University of Tampa Students Weigh In On Tuition Increase

By Brandon Leonard

On March 25, an email describing a tuition increase for the Fall 2022 semester was sent out by President Vaughn’s office. 

The email lists out some changes to The University of Tampa, primarily its staff and the landscape, but the one that seems to have caught everyone’s attention is the tuition increase by 3.06% and 3% for graduate and undergraduate students respectively.   

The email doesn’t give an explicit reason for the increase, but it does provide implications for the aforementioned changes behind the extra cost of attending and living at UT.        

“Every year, UT budgets carefully to consider expenses the university must incur each year, including increases in personnel costs and operating expenses, such as information technology/software upgrades, increased health and property insurance premiums, as well as utility costs increases,” said Eric Cardenas, director of public information and publications at UT. “ Beyond these required items, the University always strives to hire the best faculty to support student learning and to fund initiatives that enhance student support and engagement. This year, we are hiring for 16 new faculty and instructional staff positions plus several additional staff support positions.”

Reactions to the tuition raise have been mixed among the students, especially when provided the reasons behind the change. 

“This school is already insanely expensive and it doesn’t seem like the equivalent effort of the pricing is being put into the worth of being here for the students,” said Hannah Sam, senior film and media arts major. “They’re raising prices and kicking kids off-campus with housing and it just seems very money-based and incentivized over student priority.”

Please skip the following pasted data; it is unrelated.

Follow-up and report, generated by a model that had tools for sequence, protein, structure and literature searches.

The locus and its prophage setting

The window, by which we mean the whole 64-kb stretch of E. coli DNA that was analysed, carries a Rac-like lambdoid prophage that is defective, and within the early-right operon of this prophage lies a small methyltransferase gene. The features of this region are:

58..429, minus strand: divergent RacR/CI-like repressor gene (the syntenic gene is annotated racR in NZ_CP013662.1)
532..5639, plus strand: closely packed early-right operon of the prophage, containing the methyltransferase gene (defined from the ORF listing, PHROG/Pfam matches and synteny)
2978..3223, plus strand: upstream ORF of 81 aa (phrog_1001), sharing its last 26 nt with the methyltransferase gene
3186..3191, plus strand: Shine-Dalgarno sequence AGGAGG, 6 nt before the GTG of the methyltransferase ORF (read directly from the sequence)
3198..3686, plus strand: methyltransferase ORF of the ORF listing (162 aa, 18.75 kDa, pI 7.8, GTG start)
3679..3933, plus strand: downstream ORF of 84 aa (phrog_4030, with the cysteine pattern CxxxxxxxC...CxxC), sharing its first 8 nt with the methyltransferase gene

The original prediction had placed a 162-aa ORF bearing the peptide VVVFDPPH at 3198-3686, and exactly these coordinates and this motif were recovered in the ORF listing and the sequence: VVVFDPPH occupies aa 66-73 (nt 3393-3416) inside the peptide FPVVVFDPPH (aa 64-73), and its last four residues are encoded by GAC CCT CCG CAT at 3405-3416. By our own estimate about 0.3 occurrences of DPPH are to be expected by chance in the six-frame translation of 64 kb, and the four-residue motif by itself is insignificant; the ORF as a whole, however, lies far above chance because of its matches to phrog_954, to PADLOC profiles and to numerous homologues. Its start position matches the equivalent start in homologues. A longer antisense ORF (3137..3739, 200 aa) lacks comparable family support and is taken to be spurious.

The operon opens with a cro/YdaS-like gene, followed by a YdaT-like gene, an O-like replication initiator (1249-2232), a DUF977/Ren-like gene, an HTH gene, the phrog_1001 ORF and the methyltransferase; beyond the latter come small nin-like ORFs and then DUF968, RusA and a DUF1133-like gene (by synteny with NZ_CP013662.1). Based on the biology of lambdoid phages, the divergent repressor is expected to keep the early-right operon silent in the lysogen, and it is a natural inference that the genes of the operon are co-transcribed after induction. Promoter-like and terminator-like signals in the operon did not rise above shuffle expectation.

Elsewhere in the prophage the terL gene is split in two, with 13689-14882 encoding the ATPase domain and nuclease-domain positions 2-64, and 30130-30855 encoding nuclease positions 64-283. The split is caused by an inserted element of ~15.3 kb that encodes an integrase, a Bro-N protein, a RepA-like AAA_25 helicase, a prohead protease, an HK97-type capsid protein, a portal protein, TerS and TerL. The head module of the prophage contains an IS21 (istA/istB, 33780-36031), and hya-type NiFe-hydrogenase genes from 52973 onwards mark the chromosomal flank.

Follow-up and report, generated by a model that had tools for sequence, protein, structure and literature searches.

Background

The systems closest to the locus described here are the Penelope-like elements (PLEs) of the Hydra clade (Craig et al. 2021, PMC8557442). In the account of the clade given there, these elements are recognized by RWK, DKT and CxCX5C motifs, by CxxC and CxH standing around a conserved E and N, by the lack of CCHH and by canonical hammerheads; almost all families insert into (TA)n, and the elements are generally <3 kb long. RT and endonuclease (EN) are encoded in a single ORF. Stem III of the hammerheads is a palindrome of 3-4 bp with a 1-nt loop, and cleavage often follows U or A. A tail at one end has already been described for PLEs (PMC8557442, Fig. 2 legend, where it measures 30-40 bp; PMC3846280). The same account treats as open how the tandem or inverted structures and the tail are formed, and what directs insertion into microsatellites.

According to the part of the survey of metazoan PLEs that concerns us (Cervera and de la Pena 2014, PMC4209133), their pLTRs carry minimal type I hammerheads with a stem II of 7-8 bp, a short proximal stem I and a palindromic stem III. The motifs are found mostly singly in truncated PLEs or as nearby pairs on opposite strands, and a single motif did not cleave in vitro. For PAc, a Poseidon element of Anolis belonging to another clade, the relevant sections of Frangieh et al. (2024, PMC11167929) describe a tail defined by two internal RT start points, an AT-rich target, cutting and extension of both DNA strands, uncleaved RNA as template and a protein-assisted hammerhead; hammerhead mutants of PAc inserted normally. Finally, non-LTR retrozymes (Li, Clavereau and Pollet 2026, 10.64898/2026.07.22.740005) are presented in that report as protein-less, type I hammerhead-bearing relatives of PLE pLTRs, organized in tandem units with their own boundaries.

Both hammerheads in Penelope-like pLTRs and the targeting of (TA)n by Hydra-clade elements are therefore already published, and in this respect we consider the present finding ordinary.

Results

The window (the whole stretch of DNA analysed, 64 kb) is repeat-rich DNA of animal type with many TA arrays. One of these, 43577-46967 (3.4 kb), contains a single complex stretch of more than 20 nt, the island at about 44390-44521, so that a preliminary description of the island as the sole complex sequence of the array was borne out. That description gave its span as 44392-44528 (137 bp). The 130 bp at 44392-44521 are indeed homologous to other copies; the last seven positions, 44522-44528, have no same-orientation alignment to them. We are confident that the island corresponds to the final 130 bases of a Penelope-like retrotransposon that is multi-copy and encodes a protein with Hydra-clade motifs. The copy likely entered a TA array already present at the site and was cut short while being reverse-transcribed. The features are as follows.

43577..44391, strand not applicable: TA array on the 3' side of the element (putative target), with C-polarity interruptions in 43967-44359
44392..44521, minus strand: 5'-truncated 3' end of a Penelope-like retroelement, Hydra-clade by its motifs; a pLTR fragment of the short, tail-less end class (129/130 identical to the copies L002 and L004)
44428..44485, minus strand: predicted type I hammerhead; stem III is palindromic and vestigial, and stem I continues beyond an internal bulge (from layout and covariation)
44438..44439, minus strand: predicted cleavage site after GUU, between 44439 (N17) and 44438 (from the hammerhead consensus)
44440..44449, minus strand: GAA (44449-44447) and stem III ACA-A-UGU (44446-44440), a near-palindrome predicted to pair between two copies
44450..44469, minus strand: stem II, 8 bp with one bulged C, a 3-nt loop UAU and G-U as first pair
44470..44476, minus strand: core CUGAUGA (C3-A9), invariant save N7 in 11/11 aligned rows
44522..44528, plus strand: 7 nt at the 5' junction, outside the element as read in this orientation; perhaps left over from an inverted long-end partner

Rising housing prices in Tampa seem to be playing a role in students’ unhappiness with the tuition increase.

“There is already insufficient housing, and rent prices in Tampa are astronomically high,” said Myles Harris, senior history major. “I don’t come from a wealthy family like most UT students, so I have to take out loans in order to keep going to school; it’s people like me who are suffering from it.”             

“I was surprised and aggravated to see that the tuition had increased yet another 3%.” said Senior cybersecurity major Moira Pessagno. “Although 3% may not seem like a lot, but when you’re talking about thousands of dollars, it sure does add up and can make all of the difference.”

Many students generally agreed that the cost was, however, somewhat worth the benefits. Although students did express some level of skepticism regarding all of the recent additions, primarily surrounding the construction projects such as the new bell tower and expansion of the recreation facility.      

“Hiring new staff is the only worthy justification [that was] mentioned,” said Harris. “Some courses don’t even get off the ground because there just isn’t enough staff to run them.” 

For some students, the need for more faculty members still doesn’t outweigh the unhappiness regarding the cost of upgrades and new facilities.    

“I get that the [upgrades] in facilities create a needed influx of money, but there’s also the question of what facilities are being built and needed,” said Sam. “Maybe I’d agree with it more if things like more residence halls or parking were being incorporated to help create ease throughout the campus for students and faculty.”

Ultimately, the tuition increase may be considered something of a necessary drawback in the benefits provided by extra staff, new facilities, and other minor upgrades that make being a UT student worthwhile. 

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